As the parent of a young adult with autism, I am always on the lookout for new friends for my son. He will tell me that he is fine, but I know there are times when he wants to be with someone his own age. And I want him to be with people his own age. He just doesn’t have the social skills to make friends on his own. I believe that having one or two good friends would boost his self-confidence and overall sense of well-being.
A few months ago, I reached out to a young man we met through a volunteer group I belong to. He seemed like a nice young man, so I asked him to join us for lunch and a movie.
The outing began well enough. But then Ryan began repeating questions and bringing up the same topics over and over again. I sensed that this behavior was annoying to our new friend, but I hoped he would become more understanding with time.
We didn’t see him again for several months and then re-connected. He seemed very interested in getting together, so I took the guys out to dinner at one of our favorite restaurants. This time, things went downhill fast. Our guest became outwardly frustrated whenever Ryan repeated himself or fixated on a subject. I thought the young man could have shown more patience, but instead he just played a game on his phone and ignored Ryan completely.
It hurts so much when people just brush off my son. I know Ryan repeats himself and dwells on topics, but he truly is a great young man. Is it too much to ask for someone to have a little patience or show some kindness? Apparently, that evening it was.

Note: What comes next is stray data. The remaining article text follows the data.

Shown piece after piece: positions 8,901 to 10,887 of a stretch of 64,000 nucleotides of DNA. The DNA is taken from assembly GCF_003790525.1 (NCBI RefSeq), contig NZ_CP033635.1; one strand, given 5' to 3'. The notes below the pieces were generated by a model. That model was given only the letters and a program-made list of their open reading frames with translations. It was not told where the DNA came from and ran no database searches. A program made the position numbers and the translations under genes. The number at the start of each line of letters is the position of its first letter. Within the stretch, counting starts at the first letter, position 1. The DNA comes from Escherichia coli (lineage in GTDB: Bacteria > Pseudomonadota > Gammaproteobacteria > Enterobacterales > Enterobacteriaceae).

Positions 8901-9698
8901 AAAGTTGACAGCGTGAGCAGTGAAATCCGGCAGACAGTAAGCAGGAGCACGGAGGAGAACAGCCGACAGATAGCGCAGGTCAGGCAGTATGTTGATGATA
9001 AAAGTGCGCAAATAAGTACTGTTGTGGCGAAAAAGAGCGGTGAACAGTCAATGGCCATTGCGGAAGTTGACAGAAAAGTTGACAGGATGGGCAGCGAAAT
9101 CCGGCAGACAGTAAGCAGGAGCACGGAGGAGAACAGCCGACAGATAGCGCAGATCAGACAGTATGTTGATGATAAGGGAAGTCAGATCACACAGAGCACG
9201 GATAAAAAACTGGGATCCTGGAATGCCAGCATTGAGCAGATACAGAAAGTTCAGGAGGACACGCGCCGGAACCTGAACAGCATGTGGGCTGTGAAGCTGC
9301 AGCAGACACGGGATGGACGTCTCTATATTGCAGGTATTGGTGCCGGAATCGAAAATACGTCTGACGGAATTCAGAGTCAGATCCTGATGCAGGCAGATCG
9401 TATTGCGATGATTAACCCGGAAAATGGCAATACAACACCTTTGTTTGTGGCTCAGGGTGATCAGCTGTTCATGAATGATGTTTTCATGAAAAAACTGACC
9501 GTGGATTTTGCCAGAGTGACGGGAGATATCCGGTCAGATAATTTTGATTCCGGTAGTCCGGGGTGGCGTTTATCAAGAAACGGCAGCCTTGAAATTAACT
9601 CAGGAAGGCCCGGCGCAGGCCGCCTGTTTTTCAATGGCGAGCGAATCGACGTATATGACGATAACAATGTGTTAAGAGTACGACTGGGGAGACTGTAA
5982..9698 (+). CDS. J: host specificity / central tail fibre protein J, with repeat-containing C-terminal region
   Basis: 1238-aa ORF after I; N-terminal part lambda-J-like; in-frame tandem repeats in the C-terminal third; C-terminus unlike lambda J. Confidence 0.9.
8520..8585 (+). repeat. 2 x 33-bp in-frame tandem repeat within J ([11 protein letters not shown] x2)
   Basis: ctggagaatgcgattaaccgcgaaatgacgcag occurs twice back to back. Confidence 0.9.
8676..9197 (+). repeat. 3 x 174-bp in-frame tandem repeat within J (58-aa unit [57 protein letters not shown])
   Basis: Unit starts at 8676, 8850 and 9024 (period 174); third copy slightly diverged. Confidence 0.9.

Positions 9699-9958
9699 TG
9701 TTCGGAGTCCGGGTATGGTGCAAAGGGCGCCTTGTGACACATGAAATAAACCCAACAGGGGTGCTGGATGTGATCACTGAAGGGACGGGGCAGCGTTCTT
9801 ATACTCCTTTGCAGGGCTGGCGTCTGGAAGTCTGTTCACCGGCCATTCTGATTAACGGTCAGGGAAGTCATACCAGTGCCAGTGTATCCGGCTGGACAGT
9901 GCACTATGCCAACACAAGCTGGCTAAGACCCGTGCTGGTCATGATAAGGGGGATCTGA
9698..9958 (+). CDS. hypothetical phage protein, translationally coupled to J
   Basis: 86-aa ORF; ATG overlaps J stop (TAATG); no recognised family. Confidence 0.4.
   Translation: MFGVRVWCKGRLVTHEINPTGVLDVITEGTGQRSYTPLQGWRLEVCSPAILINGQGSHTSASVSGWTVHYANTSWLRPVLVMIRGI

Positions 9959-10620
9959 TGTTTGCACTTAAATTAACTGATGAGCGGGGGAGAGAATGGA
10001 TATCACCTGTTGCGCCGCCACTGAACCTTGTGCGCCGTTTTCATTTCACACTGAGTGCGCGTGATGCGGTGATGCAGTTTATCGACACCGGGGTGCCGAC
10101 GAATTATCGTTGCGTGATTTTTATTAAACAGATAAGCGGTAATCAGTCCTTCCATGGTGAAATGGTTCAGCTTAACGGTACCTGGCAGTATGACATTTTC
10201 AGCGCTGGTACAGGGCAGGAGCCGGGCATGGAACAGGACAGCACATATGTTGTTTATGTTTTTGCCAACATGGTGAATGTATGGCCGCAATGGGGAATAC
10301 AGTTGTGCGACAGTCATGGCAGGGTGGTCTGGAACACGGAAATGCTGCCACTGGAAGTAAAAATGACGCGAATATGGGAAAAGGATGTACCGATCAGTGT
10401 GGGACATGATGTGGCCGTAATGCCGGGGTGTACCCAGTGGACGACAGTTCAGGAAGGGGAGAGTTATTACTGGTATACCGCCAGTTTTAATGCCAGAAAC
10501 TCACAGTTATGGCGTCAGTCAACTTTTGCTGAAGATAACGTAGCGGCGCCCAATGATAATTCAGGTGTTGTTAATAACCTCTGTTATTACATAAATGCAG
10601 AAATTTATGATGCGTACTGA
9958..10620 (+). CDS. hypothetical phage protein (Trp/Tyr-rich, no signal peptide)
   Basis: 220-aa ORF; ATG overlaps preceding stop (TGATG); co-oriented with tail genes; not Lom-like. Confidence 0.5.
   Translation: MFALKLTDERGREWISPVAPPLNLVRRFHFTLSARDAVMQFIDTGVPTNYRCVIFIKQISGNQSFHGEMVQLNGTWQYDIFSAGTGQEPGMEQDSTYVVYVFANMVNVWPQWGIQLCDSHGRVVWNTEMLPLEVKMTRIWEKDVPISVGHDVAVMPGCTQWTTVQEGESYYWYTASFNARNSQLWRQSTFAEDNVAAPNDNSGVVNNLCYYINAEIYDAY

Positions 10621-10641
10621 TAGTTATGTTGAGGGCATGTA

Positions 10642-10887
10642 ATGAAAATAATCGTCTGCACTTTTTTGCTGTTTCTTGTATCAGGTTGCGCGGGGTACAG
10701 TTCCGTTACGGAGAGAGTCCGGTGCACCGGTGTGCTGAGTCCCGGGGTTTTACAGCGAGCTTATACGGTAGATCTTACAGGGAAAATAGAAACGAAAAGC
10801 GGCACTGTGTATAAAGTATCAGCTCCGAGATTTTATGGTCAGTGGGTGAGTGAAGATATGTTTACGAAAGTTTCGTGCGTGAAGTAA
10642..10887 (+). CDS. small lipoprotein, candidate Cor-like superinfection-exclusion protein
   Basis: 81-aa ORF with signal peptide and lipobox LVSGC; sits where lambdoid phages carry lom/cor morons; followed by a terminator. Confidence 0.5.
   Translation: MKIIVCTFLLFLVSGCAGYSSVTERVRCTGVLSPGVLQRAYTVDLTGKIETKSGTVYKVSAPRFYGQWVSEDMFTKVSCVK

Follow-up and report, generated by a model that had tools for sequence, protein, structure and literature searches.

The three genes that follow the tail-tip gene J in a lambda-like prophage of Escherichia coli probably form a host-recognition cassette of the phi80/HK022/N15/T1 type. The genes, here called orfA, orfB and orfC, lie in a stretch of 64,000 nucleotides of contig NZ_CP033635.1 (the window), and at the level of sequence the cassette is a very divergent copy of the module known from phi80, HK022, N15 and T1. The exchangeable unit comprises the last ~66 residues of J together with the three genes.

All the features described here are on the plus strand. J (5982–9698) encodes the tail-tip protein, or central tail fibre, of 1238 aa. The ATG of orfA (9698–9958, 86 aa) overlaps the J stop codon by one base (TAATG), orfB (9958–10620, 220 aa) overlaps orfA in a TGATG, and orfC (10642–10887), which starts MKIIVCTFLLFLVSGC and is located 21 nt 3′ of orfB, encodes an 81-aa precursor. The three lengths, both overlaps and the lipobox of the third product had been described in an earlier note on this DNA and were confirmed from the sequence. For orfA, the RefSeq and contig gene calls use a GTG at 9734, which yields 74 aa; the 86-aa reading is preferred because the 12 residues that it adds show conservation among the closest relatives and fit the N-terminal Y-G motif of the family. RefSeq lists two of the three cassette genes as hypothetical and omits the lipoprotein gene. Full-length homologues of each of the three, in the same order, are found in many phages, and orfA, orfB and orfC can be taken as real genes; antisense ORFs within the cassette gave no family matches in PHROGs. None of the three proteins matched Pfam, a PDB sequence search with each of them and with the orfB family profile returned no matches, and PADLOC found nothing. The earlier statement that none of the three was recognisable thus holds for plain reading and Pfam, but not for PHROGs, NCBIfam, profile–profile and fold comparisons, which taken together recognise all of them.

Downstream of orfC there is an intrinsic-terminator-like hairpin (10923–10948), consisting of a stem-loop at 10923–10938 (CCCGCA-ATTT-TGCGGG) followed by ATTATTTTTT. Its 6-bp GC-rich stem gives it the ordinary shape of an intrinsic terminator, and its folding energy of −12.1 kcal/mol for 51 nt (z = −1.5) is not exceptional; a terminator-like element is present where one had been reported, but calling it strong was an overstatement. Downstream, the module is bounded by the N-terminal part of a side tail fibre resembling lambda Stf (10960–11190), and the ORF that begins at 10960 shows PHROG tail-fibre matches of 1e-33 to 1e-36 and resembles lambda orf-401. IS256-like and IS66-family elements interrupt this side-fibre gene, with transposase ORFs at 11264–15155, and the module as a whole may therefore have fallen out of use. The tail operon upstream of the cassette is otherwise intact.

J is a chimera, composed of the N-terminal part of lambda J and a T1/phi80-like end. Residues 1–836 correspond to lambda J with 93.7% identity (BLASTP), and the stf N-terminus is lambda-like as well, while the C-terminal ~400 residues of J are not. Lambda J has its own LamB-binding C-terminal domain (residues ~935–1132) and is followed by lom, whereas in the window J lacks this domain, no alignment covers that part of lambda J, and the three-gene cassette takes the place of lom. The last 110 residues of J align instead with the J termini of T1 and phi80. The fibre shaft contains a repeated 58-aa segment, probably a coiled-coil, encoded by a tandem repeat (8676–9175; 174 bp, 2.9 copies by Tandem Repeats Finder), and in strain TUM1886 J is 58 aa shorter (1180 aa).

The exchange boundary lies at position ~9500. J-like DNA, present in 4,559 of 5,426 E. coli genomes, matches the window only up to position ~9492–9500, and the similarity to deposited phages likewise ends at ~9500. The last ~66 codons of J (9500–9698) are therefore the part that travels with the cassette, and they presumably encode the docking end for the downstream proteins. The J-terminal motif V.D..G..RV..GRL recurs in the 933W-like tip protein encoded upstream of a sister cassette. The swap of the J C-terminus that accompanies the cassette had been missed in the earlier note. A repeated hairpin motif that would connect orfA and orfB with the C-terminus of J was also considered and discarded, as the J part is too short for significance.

I don’t think that Ryan realized that his “friend” was being rude, but for me it was heartbreaking to watch. I wanted so much to privately ask him to put his phone away and be polite. But I didn’t, because it was obvious that this young man didn’t care.
I will not be asking this “friend” to join us again. If Ryan asks about him, I will explain that we don’t have a lot in common with this young man and that we will invite someone else next time. Will Ryan understand? I’m not sure. But I do know that I can’t have my son with someone who is disrespectful and shows no interest in being around him.
We’ll just keep searching until we find someone with the social empathy to look beyond my son’s disability and be his friend.
Here is some information about social skills to help your child build friendships.
When you have a kid with a disability or special health-care needs, your priorities shift. It’s funny to compare your priorities from years ago to your priorities today. Here’s how our family changed when we had our daughter, Casey.
Categories: Family Support